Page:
--as quoted at http://muse.jhu.edu/login?uri=/journals/callaloo/v028/28.4moss_t02.html--; this print poam explores the loss of fruit trees and an illumination that arose from the loss of sources of obvious sweetness)

--The point is there is demise. The neighborhood has been so dangerous (compared with how I define what it means to live safely). Houses are delapidated; some of the patterns of ruin are quite compelling, but this ruined environment is where people live, where a neighborhood persists, but quite a different neighborhood from the one I knew. Abject poverty is the rule --but I can't say the lives are poor; it is possible, that even there, residents experience moments of illumination --the sun rises there as everywhere, stars (other than the sun) emerge whenever there is darkness not caused by storm clouds; there are opportunities to see the moon. I am confident that at night, many of the human brains in this neighborhood function as the brain should in REM mode, when we are unable not to dream, even if we wake unable to recall that we have dreamed at all.

So the changes in the neighborhood have not wrecked illumination. Some aspects of illumination of course have been reconfigured.

And that is how it is for my mother; a reconfiguration of what it means to still be with my father, her refusal to move from the home he boughr for her so that he is still providing for her, taking care of her.

Had he lived, he and my mother would have moved away years ago, but since he did not, my mother cannot abandon their home.

--Had I not married so young (I've been married 34 years); had I not married so young, in adolescence (not because of pregnancy; my children did not arrive until almost 20 years into the marriage); I will say again: had I not married so young, my father would not have been present at my wedding, would not have walked with me down the aisle of my mother's storefront chirch (my father did not accept organized religions), would not have left the configurations of existence which are the most accessible knowing that I was with a man who would persist in my life.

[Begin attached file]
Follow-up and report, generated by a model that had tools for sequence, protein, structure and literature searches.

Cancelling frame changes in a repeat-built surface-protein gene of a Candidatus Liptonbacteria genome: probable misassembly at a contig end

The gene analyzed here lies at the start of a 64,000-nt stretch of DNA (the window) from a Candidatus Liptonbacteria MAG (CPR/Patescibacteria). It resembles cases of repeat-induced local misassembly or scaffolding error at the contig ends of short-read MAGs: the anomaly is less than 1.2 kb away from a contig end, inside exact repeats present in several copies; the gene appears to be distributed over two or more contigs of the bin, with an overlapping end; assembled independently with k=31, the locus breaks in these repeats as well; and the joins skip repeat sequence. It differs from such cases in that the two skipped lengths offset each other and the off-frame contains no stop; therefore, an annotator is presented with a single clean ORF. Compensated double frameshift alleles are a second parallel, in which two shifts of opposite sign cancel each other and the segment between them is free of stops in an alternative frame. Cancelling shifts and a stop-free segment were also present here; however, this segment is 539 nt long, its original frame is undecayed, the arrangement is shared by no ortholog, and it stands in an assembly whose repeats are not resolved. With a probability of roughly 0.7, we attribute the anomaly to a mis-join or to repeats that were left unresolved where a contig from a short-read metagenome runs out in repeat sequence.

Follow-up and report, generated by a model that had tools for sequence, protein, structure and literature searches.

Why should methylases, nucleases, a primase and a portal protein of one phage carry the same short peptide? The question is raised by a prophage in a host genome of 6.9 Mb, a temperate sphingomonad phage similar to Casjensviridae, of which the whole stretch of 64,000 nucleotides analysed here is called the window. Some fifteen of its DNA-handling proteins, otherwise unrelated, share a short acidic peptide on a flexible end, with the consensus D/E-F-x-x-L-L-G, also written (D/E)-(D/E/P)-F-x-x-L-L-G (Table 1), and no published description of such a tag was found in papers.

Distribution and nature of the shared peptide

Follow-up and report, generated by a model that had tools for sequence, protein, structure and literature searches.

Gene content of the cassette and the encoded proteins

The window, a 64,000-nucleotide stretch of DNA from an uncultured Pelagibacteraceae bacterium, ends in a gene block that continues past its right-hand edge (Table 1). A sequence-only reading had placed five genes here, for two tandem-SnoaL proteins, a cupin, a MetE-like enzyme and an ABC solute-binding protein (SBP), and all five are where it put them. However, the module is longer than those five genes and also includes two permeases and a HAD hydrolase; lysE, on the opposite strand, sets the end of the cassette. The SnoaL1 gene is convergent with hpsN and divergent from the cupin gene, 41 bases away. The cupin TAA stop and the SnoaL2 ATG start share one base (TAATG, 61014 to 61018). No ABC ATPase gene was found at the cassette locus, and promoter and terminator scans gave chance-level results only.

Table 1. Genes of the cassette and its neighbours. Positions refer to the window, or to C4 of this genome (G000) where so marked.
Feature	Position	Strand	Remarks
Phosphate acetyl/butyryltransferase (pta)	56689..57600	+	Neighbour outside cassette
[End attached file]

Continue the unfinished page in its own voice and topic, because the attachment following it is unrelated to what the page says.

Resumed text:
My father died on a summer date that was a week (exactly) after the anniversary of my marriage, a date that is five days before the birth date of son.

Posted by: thyliasm at November 30, 2007 10:49 PM

Please don't overlook the poam configurations that exist within a scale that seems like incredible brevity from the human scale --poam configurations which may endure only as long as a lightning flash --sometimes the evidence is only a radiant pulse we (think) that we feel, we believe that we have experienced even when there is no proof but our commitment to belief.

So please watch some of the videos in the link below about the poam configurations that occur. often incredibly briefly, in the work of "nature collaborator" Andy Goldsworthy (don't you find how he self-identifies so illuminating? He tags himself with identifiers in a manner that maybe perceived as similar to Elizabeth Bishop tagging her sestina poam "Sestina." Consider the certainty that something has been correctly identified in such tagging).

You Tube excerpts from "Rivers and Tides," a documentary about Andy Goldsworthy in acts of making:

http://www.youtube.com/watch?v=3TWBSMc47bw
http://www.youtube.com/watch?v=fYPciDxKoyI
http://www.youtube.com/watch?v=L5qrE_rBrJQ
http://www.youtube.com/watch?v=iBcdL8uO71E
http://www.youtube.com/watch?v=eYiVBgTtp-k
http://www.youtube.com/watch?v=iTEB3bEGprY
http://www.youtube.com/watch?v=O9TyHzP-8b8

What can you say about intention when the poam melts, floats away, collapses, is carried away in its components by water, etc.?

Who is this for?

What is the value?

Why work so hard for something that does not result in the kind of monuments that often indicate human presence? Monuments perhaps designed to outlast us --why?

How do we study such poams that no longer exis? --only the record of the poam having happened remains

But then again, and I urger you to think carefully about this; but then again, why assume that what is on the print page IS the poam? In some ways, is not the print object a record of the event as it occurs in the mind and feelings of the maker? Is not the illumination something that (sometimes, when the maker is lucky) occurs in the impulse to make, in the act of making? And while the print object may illuminate those who experience it, what is being experienced may be a model of what the maker experienced to produce the print object and not the actual poam event.

Posted by: thyliasm at November 30, 2007 11:24 PM